A Big Tax Loophole Just Got Bigger
How To Turn Taxable Income Into Non-Taxable Income
Believe it or not, there are ways to convert taxable income into non-taxable income, without any fear of an IRS audit.
Here's one of my favorites. It's been part of our tax code for over 30 years, yet many still don't take advantage of it.
What am I talking about?
The IRA -- Individual Retirement Account.
Now, before you say, "Oh, I know all about that one; what's so great about an IRA?", give me 10 minutes to explain 3 new benefits to the IRA rules that you may not realize.
BENEFIT #1: How To Avoid Tax Rather Than Postpone Tax
First, did you know that there are now 2 kinds of IRA's available?
The so-called Traditional IRA is the one that first came out way back in the 1970's.
But there's a newer incarnation of the IRA that's only a few years old -- it's called the Roth IRA. And the difference between these 2 IRA's is huge.
Traditional IRA contributions are tax-deductible, resulting in immediate tax savings. The growth of those contributions is also tax-sheltered while the funds remain in the account.
But eventually all tax-deductible Traditional IRA contributions, as well as the growth of those contributions, will be subject to income tax when the money is withdrawn from the account.
In other words, Traditional IRA's offer the opportunity to temporarily postpone taxes.
In contrast, the Roth IRA offers the opportunity to permanently avoid taxes. With a Roth IRA, you don't take a deduction for your contributions; instead, you make a contribution with "after-tax" dollars.
Whatever you put in not only grows tax-free, but can also be withdrawn tax-free.
Here's an example to illustrate:
If you invest $2,000 per year for 20 years into a Roth IRA, you will have invested a total of $40,000. Now if that Roth IRA earns an average of 10% per year, that $40,000 will grow into $126,005.
Now comes the fun part: Assuming the IRA has existed for at least 5 years and you are at least 59 ½ years old, you can withdraw the entire $126,005 tax free.
In contrast, if this money had been invested in a Traditional IRA, the entire $126,005 would be subject to income tax as it is withdrawn.
The $86,005 of growth is magically converted from taxable income to non-taxable income. Assuming you are in the 15% federal tax bracket, that's a savings of $12,901. Add any state income tax, and you could save over $15,000 in taxes.
BENEFIT #2: Take An Extra 3 ½ Months To Fund Your IRA
The deadline for contributing to your IRA is April 15 of the year AFTER the year for which the contribution made.
So for Year 2002, you have until April 15, 2003 to put money into your IRA.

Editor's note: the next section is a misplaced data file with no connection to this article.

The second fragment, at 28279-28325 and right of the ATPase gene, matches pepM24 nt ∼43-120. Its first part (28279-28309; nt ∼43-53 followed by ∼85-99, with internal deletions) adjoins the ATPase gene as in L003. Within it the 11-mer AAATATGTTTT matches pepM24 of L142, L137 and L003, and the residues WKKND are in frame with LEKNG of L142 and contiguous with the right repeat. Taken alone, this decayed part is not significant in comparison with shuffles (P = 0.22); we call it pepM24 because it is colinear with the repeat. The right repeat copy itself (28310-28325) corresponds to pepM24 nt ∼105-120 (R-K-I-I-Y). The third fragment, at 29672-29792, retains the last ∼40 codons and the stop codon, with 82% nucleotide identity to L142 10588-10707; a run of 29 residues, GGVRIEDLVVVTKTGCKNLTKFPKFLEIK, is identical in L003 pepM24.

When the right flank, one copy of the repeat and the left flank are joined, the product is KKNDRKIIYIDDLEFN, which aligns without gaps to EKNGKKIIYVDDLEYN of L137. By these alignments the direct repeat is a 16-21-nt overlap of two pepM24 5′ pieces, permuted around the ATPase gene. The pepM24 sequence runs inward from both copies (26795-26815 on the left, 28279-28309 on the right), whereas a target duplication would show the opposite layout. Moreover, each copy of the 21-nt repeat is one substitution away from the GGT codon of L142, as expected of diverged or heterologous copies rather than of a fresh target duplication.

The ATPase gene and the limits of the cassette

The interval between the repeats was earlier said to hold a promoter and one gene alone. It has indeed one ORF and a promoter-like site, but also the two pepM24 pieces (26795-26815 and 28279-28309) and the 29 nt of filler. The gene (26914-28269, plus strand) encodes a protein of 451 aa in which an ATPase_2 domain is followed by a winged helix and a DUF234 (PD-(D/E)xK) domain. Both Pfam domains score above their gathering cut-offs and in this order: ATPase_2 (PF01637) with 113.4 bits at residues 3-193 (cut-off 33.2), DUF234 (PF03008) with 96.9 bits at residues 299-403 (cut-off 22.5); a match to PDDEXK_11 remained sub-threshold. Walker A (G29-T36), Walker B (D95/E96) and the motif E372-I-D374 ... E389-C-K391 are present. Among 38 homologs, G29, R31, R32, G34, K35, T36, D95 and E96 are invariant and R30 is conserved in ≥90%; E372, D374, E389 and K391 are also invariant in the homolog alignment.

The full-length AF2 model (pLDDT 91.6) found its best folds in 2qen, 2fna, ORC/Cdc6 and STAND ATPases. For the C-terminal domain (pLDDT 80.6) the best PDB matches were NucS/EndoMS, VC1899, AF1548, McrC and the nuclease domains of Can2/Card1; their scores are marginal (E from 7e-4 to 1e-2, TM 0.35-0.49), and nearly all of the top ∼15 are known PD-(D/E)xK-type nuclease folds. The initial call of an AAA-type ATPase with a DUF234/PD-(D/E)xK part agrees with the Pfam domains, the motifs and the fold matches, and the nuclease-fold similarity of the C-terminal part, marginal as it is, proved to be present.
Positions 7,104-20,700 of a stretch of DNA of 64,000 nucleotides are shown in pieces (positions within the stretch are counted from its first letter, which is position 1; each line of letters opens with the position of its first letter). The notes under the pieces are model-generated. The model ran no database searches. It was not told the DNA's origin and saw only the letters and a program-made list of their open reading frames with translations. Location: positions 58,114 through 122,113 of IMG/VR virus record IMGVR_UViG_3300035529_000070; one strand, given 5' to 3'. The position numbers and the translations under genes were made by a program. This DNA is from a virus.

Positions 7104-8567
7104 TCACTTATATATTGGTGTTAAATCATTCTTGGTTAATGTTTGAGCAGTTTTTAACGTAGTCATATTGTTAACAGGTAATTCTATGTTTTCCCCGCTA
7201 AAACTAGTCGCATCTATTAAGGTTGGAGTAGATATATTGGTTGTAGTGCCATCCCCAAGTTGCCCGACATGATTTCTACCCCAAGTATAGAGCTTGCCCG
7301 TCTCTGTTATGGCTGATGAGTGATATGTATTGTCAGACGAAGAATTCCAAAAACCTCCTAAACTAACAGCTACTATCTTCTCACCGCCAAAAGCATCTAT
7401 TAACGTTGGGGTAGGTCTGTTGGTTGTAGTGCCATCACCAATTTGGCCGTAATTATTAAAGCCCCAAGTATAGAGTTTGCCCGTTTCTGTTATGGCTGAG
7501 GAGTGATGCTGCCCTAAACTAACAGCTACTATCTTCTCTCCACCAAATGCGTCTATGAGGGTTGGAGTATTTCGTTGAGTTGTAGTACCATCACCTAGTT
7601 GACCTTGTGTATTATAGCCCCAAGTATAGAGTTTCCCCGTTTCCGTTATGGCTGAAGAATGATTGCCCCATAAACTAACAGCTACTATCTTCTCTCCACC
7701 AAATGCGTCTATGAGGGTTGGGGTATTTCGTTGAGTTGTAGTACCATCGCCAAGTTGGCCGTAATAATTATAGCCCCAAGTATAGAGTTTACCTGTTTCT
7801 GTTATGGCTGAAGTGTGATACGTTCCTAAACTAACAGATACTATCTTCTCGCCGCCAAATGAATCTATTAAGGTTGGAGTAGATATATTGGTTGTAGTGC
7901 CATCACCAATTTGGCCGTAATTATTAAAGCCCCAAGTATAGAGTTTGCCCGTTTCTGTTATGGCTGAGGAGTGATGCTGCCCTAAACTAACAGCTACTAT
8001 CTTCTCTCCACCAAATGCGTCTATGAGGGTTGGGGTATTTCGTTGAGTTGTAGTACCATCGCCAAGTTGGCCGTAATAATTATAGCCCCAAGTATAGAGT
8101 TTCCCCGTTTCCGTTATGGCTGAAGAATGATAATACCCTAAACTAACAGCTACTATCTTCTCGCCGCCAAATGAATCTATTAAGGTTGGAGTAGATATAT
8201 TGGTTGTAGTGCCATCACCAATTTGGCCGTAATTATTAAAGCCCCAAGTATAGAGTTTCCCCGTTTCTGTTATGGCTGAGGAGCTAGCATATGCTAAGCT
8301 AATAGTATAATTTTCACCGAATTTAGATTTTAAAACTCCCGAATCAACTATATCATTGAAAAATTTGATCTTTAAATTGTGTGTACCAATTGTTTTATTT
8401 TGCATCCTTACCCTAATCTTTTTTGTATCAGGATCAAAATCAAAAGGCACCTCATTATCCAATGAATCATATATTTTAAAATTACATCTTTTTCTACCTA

If you've already invested the maximum (more about that in a moment) by December 31, 2002, then you're done. No more money can go into the IRA for 2002.
But if you haven't maxed out your IRA, you have until April 15 to do so.
Which brings me to . . .
BENEFIT #3: The Maximum Contribution Amounts Have Increased
For many years, the most you could put into an IRA was $2,000. Now, the maximum is $3,000 (assuming you have at least that much earned income from wages or self-employment income).
And if you are over 49, you can put in another $500, bringing the total maximum to $3,500.
A married couple, both age 50 or older, can put a whopping $7,000 per year into a Roth IRA. Not too shabby, eh?
One final note about these Roth IRA rules: For married people, you can only contribute the maximum of $3,000 or $3,500 if your combined income is less than $150,000.
If you are single or head of household, you can contribute the maximum if your income is less than $95,000.
For most middle-class folks looking for a perfectly legal way to permanently avoid tax (rather then merely temporarily postpone tax), the Roth IRA fits the bill.
Now comes the hard part -- how to actually implement this tax avoidance strategy.
"Wayne", you say, "We'd like to save as much as we can for our golden years. But $7,000 a year? It's hard to put aside that kind of money. We need every dollar we make just to pay the bills."
If that's your situation, I'm not going to get up on my "what-do-you-mean-you-can't-save-any-money-for-retirement" soapbox and start preaching at you.
I will say this: You've got to start somewhere, and you've got to start saving something, don't you?
People who have a problem saving for retirement usually have a budgeting problem. For an excellent resource on budgeting, I highly recommend the Budget Stretcher web site:
This site offers a free budget system complete with simple forms and worksheets to help you figure out how to put some money aside for a Roth IRA or other savings plan.
Take advantage of this resource and get started today.
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